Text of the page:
HC Deb 18 December 1963 vol 686 cc1249-54

The following Questions stood upon the Order Paper:


To ask the Secretary of State for War what is the outcome of his inquiry into Major Cory's court-martial; and what proposals he has for remedying procedure to give prisoners a right to bail pending appeal against court-martial decisions.


To ask the Secretary of State for War whether he will now publish the conclusions of the review he has made of the issues arising from the court-martial of Major Cory, a constituent of the hon. Member for Basingstoke.

The Secretary of State for War (Mr. James Ramsden)

With your permission, Mr. Speaker, and that of the House, I will now answer Questions Nos. 56 and 61 together.

Hon. Members will now have had an opportunity of reading the statement on the case of Major Cory.

The House considered whether bail should be granted on Crown Appeal to the House of Lords from the Courts-Martial Appeal Court in the debate on the Courts-Martial Appeal Act, 1951, and doubts as to its appropriateness were expressed on both sides of the House. But to cater for civilians and such very exceptional cases as where a soldier was about to leave the Army this very limited provision was allowed to stand.

Subsequently, in 1960, the House, in the Administration of Justice Act, 1960, confined the grant of bail by the Courts-Martial Appeal Court to certain civilians.

On our view of this case as set out in paragraph 37 of the statement, my noble and learned Friend the Lord Chancellor and I do not consider that a need for the provision of bail has been revealed by this case.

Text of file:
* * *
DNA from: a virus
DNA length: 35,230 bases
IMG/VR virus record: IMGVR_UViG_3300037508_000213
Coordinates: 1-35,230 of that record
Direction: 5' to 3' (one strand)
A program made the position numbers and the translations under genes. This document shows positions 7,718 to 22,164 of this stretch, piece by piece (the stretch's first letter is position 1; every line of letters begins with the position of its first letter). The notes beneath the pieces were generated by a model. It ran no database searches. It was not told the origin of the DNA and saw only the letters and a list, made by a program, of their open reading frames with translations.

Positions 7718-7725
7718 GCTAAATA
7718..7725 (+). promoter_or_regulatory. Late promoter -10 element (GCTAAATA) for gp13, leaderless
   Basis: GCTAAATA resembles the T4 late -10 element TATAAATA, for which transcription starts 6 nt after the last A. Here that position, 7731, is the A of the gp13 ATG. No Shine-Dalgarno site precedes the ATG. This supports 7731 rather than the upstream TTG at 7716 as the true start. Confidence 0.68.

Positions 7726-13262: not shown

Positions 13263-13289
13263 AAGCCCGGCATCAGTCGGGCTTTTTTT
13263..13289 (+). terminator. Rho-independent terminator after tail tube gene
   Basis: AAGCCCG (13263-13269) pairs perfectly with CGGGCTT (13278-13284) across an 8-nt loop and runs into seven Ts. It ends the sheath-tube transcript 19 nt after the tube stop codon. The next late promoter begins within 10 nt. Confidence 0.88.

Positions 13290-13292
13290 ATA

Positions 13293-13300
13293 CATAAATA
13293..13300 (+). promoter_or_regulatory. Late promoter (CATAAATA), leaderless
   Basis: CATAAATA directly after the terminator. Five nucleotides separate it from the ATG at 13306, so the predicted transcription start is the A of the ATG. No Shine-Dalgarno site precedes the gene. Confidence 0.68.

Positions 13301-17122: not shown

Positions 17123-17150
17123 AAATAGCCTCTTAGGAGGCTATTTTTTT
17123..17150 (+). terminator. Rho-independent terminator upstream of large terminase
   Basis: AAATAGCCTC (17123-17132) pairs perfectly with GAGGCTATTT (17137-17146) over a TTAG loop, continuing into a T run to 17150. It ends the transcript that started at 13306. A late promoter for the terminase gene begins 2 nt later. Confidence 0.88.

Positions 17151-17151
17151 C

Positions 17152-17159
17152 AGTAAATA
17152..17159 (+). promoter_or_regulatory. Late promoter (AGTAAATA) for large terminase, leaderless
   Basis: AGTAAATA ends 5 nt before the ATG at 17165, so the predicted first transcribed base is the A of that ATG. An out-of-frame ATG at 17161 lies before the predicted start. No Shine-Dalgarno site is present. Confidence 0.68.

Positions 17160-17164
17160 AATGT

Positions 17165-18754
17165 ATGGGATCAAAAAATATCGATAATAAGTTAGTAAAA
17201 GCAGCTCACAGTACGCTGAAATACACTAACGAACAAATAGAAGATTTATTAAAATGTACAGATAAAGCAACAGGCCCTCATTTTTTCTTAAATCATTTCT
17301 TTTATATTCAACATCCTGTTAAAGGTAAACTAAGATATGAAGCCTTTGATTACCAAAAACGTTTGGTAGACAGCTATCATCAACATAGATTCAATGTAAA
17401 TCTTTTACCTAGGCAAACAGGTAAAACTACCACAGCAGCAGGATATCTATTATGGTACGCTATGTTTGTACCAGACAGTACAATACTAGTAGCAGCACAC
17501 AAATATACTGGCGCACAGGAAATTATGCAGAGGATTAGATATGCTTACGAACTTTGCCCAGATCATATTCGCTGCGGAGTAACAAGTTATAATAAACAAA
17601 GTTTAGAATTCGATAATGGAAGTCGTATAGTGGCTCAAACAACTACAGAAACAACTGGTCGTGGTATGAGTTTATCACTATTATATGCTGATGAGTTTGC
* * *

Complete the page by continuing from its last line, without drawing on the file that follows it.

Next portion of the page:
Mr. Allaun

While thanking the Minister for his courtesy in giving Hon. Members a chance to study his statement, may I ask whether it is not a travesty of justice that it took 17 months before Major Cory's case came to appeal, by which time he had served his sentence? Are there not similar cases? Why should not a Service man have the same right as a civilian to bail pending appeal? What are the difficulties which the Minister refers to in his statement? Surely they do not outweigh the great injustice which has been done. If legislation is needed, why not have it?

Mr. Ramsden

This case, as the report states, involved an exceptional combination of circumstances. I do not believe that this combination of circumstances, exceptional and regrettable as it was, vitiates the present system, which has been debated and confirmed by the House. On both sides of the House doubt has been expressed about the appropriateness of bail in Service conditions. As I have told the hon. Member, legislation would be required to remedy the matter.